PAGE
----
Global Virus Fatalities Top 250,000
The global death toll from the coronavirus pandemic surpassed a quarter of a million on Tuesday after infections exceeded 3.5 million worldwide.
North America and European countries accounted for most of the new deaths and cases recorded in recent days. Still, numbers were growing from smaller bases in Latin America, Africa, and Russia.
Globally, there were 3,914 new deaths and 75,646 new cases over the past 24 hours, bringing total deaths to 250,152 and cases to 3.59 million. At least 1.1 million people have recovered from the disease, according to official data.
That exceeds the estimated 140,000 deaths worldwide from measles in 2018 and contrasts with around 3 million to 5 million cases of severe sickness caused each year by seasonal influenza, according to the World Health Organization (WHO).
While the current trajectory of COVID-19 drops far short of the 1918 Spanish flu, which affected an estimated 500 million people, killing at least 10% of sufferers, specialists worry the available data is underplaying the real consequence of the pandemic.
The first death from COVID-19 was announced on January 10 in Wuhan, China, after the coronavirus first surfaced there in December. The number of deaths reported in a single day hit a height of 10,229 just a week ago on April 29. The rate of the regular rise in fatalities has slowed to 1%-2% in recent days from a high of 14% on March 21.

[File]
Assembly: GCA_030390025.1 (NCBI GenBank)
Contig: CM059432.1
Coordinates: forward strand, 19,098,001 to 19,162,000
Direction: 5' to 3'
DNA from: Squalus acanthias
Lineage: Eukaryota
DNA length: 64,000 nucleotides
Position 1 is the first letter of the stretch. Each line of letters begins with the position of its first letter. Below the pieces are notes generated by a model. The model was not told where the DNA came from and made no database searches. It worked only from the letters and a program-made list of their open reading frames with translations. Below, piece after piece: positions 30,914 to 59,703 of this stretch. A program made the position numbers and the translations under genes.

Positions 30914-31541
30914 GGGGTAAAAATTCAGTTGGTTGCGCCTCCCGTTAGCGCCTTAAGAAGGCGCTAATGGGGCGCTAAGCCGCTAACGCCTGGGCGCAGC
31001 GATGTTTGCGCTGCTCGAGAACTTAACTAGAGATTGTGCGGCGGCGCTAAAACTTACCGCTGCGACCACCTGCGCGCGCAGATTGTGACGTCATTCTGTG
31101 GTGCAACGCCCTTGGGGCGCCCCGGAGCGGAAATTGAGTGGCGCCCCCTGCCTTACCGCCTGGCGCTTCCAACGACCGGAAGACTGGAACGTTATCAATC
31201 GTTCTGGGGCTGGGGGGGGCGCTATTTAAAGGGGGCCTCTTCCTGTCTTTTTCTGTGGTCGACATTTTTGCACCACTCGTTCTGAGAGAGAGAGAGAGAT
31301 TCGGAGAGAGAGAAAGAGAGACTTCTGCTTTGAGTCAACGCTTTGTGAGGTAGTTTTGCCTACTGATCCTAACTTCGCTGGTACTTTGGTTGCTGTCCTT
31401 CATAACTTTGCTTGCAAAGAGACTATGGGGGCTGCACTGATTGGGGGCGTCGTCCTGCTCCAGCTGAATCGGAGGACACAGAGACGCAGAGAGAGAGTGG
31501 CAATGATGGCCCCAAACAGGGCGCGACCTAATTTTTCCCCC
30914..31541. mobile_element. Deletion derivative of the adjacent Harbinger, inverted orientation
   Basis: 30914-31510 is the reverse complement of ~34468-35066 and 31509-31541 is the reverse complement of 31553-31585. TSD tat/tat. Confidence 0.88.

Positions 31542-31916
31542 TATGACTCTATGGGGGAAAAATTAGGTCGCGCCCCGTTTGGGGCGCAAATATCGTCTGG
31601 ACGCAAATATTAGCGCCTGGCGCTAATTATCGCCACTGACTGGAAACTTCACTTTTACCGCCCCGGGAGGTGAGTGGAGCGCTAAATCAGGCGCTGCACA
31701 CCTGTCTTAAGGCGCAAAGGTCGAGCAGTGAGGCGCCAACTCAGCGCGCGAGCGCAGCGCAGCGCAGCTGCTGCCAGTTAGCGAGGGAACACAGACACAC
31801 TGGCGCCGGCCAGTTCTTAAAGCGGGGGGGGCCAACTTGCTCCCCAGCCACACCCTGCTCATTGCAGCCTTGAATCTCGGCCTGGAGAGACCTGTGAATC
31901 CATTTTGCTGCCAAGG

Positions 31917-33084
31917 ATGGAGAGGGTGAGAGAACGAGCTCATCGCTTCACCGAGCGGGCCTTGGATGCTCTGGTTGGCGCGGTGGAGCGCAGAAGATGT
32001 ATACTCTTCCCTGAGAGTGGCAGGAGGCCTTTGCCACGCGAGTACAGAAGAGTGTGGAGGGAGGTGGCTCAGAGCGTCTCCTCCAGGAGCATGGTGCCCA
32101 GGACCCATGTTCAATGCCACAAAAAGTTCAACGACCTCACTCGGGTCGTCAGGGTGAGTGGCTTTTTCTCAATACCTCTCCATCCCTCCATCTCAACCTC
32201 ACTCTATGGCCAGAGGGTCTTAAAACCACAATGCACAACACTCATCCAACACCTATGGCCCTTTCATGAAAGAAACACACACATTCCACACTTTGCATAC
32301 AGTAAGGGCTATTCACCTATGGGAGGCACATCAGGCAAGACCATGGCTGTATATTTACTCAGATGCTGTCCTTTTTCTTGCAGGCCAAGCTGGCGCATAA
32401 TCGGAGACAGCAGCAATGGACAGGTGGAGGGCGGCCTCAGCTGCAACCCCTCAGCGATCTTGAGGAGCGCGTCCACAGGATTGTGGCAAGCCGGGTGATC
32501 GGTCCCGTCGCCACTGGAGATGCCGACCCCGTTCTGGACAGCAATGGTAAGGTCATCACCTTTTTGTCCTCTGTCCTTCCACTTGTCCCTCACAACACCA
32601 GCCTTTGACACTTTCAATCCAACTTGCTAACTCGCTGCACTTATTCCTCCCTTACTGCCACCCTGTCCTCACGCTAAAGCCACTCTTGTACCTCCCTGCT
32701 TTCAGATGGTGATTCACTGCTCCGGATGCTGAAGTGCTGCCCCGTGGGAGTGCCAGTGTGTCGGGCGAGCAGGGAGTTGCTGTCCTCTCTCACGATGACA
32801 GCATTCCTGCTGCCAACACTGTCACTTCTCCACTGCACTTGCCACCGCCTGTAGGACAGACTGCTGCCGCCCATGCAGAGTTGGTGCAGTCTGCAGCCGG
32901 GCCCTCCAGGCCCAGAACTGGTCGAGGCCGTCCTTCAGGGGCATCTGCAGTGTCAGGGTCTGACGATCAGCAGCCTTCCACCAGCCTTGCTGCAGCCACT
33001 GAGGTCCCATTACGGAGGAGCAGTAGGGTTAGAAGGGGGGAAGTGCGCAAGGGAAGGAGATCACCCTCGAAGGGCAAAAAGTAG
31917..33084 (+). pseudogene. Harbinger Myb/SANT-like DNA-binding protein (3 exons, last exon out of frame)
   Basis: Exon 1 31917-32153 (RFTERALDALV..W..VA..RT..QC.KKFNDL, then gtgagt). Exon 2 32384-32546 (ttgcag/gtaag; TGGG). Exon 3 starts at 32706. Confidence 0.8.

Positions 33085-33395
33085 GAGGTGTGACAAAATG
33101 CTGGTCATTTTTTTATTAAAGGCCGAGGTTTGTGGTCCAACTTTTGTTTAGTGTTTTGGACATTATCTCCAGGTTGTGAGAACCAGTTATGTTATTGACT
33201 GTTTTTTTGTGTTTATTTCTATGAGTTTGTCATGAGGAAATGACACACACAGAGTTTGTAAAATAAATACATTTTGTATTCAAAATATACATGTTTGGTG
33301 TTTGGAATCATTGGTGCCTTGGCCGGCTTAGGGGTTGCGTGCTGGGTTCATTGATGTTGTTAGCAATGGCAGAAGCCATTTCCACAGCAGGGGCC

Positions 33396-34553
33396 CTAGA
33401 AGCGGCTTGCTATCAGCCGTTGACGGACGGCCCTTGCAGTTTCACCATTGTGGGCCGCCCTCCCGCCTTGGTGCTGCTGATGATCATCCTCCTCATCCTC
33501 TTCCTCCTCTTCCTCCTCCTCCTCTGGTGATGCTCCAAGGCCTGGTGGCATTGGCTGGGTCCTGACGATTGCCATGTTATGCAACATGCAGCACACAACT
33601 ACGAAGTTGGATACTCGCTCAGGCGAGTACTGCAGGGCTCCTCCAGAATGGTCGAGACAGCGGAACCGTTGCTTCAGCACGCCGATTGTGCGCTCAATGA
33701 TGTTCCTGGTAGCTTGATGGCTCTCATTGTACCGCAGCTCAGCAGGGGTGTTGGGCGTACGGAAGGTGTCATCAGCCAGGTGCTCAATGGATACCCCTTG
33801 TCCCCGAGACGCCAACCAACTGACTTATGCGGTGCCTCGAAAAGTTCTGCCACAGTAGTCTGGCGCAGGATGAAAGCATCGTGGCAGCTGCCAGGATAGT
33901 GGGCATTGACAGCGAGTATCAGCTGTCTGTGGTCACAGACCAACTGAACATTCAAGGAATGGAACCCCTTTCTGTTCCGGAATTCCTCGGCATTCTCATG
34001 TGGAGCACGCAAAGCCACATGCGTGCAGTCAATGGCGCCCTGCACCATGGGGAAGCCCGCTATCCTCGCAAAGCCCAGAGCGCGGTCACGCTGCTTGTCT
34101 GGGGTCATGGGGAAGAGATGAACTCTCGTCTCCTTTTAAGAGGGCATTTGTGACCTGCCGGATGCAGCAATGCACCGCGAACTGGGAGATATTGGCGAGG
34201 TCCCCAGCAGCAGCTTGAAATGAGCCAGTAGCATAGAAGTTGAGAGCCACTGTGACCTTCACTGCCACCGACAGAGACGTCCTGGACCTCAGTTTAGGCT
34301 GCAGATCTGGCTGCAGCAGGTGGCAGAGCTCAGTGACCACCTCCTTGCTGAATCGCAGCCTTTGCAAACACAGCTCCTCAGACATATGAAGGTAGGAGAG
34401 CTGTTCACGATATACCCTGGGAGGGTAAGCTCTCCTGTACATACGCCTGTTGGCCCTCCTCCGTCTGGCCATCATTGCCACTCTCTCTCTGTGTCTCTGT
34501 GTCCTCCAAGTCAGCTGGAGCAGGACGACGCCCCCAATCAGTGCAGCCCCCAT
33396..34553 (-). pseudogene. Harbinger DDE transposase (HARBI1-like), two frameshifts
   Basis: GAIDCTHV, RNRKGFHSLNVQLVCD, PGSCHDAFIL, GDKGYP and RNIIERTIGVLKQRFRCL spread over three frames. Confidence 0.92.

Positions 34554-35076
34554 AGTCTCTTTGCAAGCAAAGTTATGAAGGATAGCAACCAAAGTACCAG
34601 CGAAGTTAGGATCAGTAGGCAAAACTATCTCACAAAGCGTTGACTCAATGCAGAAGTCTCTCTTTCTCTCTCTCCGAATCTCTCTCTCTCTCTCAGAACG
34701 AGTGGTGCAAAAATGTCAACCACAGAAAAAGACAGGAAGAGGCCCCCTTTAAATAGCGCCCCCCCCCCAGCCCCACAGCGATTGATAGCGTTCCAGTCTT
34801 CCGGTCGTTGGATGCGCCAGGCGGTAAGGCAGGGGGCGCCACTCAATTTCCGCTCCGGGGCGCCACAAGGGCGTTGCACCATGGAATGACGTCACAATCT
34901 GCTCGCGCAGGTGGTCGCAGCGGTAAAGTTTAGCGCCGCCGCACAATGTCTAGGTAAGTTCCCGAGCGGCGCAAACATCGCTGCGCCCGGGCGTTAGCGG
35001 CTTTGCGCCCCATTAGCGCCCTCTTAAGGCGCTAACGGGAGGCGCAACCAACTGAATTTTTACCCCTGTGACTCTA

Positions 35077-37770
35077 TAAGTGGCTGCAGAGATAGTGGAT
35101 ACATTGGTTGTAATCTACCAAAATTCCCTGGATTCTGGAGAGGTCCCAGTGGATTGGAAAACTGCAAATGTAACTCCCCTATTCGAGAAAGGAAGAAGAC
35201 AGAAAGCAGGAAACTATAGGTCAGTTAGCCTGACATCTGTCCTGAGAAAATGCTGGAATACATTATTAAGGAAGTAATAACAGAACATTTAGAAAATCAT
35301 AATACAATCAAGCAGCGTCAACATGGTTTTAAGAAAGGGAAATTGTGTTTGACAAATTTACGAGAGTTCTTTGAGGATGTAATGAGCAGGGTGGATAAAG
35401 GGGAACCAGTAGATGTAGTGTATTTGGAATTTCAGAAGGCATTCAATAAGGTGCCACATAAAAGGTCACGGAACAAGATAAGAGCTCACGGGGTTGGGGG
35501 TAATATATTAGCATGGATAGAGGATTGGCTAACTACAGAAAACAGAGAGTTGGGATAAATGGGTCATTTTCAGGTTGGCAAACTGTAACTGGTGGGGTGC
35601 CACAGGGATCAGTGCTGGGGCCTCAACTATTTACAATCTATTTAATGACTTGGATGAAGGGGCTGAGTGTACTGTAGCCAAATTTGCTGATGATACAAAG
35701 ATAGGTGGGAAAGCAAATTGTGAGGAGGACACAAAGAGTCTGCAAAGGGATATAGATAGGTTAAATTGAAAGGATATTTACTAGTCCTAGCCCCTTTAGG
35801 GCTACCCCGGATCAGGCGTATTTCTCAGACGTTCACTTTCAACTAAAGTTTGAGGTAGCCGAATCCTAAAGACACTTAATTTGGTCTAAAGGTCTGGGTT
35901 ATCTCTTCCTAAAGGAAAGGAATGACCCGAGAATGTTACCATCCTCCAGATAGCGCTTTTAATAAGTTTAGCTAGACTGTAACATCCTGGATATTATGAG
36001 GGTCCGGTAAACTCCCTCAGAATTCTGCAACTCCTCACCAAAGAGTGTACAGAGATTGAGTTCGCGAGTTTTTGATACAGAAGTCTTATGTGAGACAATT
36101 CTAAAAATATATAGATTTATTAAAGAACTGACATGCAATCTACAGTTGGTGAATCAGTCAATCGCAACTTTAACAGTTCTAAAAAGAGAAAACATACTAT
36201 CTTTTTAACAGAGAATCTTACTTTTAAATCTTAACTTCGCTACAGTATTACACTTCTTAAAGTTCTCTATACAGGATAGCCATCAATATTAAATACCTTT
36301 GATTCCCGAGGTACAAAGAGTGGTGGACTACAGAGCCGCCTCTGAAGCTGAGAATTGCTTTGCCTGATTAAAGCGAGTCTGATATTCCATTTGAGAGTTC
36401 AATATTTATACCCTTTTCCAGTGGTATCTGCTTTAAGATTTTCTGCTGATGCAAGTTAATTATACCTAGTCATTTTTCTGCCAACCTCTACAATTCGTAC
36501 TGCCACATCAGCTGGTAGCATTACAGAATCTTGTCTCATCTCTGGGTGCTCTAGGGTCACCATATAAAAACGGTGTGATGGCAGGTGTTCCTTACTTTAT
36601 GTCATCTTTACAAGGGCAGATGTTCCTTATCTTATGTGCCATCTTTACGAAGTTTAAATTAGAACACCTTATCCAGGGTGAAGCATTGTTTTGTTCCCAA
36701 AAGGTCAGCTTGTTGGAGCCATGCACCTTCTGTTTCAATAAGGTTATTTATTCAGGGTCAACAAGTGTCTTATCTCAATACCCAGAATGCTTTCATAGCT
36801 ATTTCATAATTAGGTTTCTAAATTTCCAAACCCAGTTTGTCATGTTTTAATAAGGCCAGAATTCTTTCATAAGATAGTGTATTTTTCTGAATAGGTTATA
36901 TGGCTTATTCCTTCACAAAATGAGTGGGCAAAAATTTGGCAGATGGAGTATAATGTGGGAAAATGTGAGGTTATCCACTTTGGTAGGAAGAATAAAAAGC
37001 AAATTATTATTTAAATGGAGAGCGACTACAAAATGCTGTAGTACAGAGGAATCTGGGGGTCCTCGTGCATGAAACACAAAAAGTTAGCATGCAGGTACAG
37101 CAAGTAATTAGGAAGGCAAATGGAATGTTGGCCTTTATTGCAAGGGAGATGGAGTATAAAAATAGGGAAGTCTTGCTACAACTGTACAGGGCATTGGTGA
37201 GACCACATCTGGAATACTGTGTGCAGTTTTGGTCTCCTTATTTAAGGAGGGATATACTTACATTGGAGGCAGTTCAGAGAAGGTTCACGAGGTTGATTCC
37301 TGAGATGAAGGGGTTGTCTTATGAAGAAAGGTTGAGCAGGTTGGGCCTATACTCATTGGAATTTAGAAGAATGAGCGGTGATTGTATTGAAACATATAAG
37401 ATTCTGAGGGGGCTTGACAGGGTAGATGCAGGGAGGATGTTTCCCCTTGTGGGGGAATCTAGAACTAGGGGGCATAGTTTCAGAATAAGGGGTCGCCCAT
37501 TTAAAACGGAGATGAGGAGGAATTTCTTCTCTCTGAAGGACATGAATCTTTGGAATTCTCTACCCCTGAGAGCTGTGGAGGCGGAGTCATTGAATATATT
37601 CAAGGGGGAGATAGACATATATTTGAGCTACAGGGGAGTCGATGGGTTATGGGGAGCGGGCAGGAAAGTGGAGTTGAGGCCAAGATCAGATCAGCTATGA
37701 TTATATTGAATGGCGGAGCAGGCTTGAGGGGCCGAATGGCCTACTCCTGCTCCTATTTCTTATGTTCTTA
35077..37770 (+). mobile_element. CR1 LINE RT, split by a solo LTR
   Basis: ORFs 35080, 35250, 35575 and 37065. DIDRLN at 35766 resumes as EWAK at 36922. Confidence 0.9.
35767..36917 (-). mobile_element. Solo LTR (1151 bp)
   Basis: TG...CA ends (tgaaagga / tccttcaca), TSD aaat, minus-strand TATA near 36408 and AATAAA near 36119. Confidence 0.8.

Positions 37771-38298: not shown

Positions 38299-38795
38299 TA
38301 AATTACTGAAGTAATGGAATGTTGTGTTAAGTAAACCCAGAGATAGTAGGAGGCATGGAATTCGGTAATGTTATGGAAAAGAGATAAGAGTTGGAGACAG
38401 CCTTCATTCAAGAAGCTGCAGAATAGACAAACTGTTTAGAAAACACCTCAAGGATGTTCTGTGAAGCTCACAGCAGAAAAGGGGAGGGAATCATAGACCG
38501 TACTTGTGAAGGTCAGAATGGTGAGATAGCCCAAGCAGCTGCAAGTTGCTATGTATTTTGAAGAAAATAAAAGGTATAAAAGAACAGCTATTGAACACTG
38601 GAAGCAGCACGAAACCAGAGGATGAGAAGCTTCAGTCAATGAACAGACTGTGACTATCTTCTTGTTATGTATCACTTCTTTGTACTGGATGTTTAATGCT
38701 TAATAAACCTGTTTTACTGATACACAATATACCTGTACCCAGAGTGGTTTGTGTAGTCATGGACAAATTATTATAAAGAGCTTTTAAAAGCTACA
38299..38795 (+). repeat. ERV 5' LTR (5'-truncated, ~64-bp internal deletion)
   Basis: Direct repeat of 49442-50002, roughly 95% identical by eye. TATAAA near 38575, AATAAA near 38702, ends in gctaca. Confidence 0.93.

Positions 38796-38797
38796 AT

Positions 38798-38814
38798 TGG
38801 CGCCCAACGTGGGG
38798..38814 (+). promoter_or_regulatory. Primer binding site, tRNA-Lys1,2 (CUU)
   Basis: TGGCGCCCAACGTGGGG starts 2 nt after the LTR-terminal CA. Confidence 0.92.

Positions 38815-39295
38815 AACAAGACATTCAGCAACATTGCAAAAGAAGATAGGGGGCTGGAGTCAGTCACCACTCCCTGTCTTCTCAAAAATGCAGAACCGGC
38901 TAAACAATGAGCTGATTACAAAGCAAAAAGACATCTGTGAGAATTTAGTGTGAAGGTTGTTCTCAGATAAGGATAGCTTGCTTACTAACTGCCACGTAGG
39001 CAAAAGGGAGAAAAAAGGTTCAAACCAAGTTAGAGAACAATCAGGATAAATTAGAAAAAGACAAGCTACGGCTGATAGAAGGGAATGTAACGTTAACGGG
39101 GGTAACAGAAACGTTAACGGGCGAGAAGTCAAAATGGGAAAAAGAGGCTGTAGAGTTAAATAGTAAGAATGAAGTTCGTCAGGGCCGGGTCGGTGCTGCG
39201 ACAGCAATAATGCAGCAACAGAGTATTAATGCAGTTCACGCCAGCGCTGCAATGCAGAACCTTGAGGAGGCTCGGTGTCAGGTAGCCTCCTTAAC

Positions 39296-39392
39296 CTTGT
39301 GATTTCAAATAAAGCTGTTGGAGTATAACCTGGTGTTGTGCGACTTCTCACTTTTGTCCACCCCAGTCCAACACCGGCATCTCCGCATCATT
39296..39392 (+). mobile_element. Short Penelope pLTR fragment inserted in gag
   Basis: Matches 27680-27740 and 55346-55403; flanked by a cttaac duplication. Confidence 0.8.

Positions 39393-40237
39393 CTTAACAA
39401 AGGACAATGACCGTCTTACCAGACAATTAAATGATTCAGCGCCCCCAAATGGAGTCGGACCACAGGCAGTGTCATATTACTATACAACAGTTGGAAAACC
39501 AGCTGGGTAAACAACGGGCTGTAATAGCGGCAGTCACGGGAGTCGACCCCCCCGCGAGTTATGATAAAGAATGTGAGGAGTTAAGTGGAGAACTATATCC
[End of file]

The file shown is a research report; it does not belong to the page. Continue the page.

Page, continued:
Mortality rates from registered infections vary significantly from country to country. Belgium has the highest fatality rate at 16% among countries with significant outbreaks. At the other end of the spectrum, Australia and New Zealand are at 1%. Britain is at 15%, Italy is at 14%, and the United States is at 6%, In Africa, Algeria has a 10% fatality rate.
Health experts are observing closely as several countries conditionally ease restrictions on movement in a bid to improve global economies, amid worries of recurring infections.
In the United States, which has the world’s most massive total of infections and deaths, at almost 1.2 million and 68,000, respectively, at least half of the 51 states are going forward with plans to revive stricken markets.
Italy, among the world’s hardest-hit countries, allowed about 4.5 million people to return to work on Monday after almost two months at home.
Spain, Portugal, Belgium, Finland, Nigeria, India, Malaysia, Thailand, Israel, and Lebanon were also amongst countries inconsistently reopening factories, building sites, parks, hairdressers, and libraries.
In Europe, citizens basked in return to the outdoors, mixed with a dose of trepidation about life ahead and the economic devastation wreaked by lockdowns.
Workers banged away at construction sites in Rome, police gave out masks in Madrid, and older children returned to school in Vienna as Europeans cautiously stepped out of their homes.
Countries from India to Nigeria are exploring to ease curbs so that businesses can continue sailing, and workers earn a wage after the pandemic-induced economic crash.
But much of the world stays cautiously about lifting restrictions, with many countries still in the hold of an acceleration in infections, including Russia, which is adding more than 10,000 cases a day.